Vision is how we interpret the world. It’s our most dominant sense, and the evolution of technology has further elevated our need for compelling visuals.
But how did this preference for visual consumption of information begin? Over the last century, since the invention of television and the silicon age, people have become biased towards visual storytelling. Smartphones, streaming services, and social platforms have become the dominant ways in which people consume content every day of their lives. In this digital age, people demand visual mediums over print and audible methods to be entertained and enthralled.
If the average person expects it in their everyday life, that means the average juror will expect it in court.
That’s why civil attorneys who use visual litigation strategies during trial have a better chance of connecting with the jury (or judge) and keeping their attention. This deeper empathy and comprehension could increase the chances that your case ends with a favorable verdict.
In this blog post, we’ll explore the history and reasons why people, i.e., your potential jurors, not only prefer but demand visuals. To start, we need to explore the history of how visuals became the favorite medium of consuming information.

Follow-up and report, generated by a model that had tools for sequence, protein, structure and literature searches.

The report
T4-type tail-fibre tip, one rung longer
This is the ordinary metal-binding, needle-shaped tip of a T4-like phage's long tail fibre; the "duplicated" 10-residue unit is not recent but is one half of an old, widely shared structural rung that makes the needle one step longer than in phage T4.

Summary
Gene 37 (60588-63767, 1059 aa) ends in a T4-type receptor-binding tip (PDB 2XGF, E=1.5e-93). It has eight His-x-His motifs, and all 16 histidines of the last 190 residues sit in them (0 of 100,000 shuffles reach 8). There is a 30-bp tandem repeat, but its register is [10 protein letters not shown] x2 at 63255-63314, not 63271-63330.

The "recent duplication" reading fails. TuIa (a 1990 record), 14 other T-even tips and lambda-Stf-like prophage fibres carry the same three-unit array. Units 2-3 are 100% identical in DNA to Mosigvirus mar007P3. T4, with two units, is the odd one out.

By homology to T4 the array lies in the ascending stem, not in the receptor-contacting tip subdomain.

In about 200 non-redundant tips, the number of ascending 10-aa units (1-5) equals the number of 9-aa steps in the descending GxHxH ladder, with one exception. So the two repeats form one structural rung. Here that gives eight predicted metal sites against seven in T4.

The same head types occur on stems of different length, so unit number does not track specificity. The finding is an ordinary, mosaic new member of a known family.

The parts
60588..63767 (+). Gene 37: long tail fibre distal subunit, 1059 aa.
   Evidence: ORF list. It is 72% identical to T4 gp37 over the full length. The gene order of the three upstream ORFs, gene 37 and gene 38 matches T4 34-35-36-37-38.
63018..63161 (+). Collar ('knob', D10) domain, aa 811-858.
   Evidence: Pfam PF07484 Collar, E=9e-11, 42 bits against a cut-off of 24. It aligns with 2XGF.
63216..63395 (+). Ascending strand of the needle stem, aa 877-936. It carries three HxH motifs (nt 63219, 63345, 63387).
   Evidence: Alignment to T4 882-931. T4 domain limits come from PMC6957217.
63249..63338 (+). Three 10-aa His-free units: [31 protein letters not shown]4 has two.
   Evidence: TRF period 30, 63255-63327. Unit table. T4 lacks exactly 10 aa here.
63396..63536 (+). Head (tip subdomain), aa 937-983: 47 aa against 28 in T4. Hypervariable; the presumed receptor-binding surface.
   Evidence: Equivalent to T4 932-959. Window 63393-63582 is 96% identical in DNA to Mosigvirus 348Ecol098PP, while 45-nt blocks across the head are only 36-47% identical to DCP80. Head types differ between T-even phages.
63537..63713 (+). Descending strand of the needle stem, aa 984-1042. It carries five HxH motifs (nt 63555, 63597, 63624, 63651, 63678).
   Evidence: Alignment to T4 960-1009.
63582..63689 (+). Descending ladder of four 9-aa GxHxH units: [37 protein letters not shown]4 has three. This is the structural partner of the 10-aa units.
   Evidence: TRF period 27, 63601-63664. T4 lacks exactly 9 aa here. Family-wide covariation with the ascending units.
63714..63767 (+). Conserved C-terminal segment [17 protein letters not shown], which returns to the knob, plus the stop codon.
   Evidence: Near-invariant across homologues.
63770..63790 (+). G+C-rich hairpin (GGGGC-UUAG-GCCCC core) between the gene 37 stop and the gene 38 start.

How Visuals Have Triumphed Over Audio
In 1895, the way people consumed information and entertainment was revolutionized. The invention of the radio was, at the time, considered the height of entertainment. It became the dominant form of communication, and by 1922 there were 576 licensed radio broadcasters.
But that precedent changed as television became mainstream during the 1950s, after World War II. Soon, half of the American population owned a TV set. This technological milestone forever changed how information and media was delivered and consumed.
Radio tried to adapt by bringing in guest speakers, but it quickly became a form of entertainment-focused on individuals who were not at home. Television brought families together, as a screen captivated viewers of all ages more than listening to a voice.
And then computers arrived.
The takeover of computers wasn’t instantaneous — in fact, there were several decades of building, testing, and adapting technology to get to a computer that resembles what we have today. It took years of research and development for IBM to release their own personal computer (PC) in 1981.
As years passed and prices lowered, computers became more accessible and powerful with every new model. In 1998, Google’s search engine was born. Users could type whatever they wanted into the search engine, and get immediate data. Google Images was then launched in 2001, which provided another method to absorb visual information.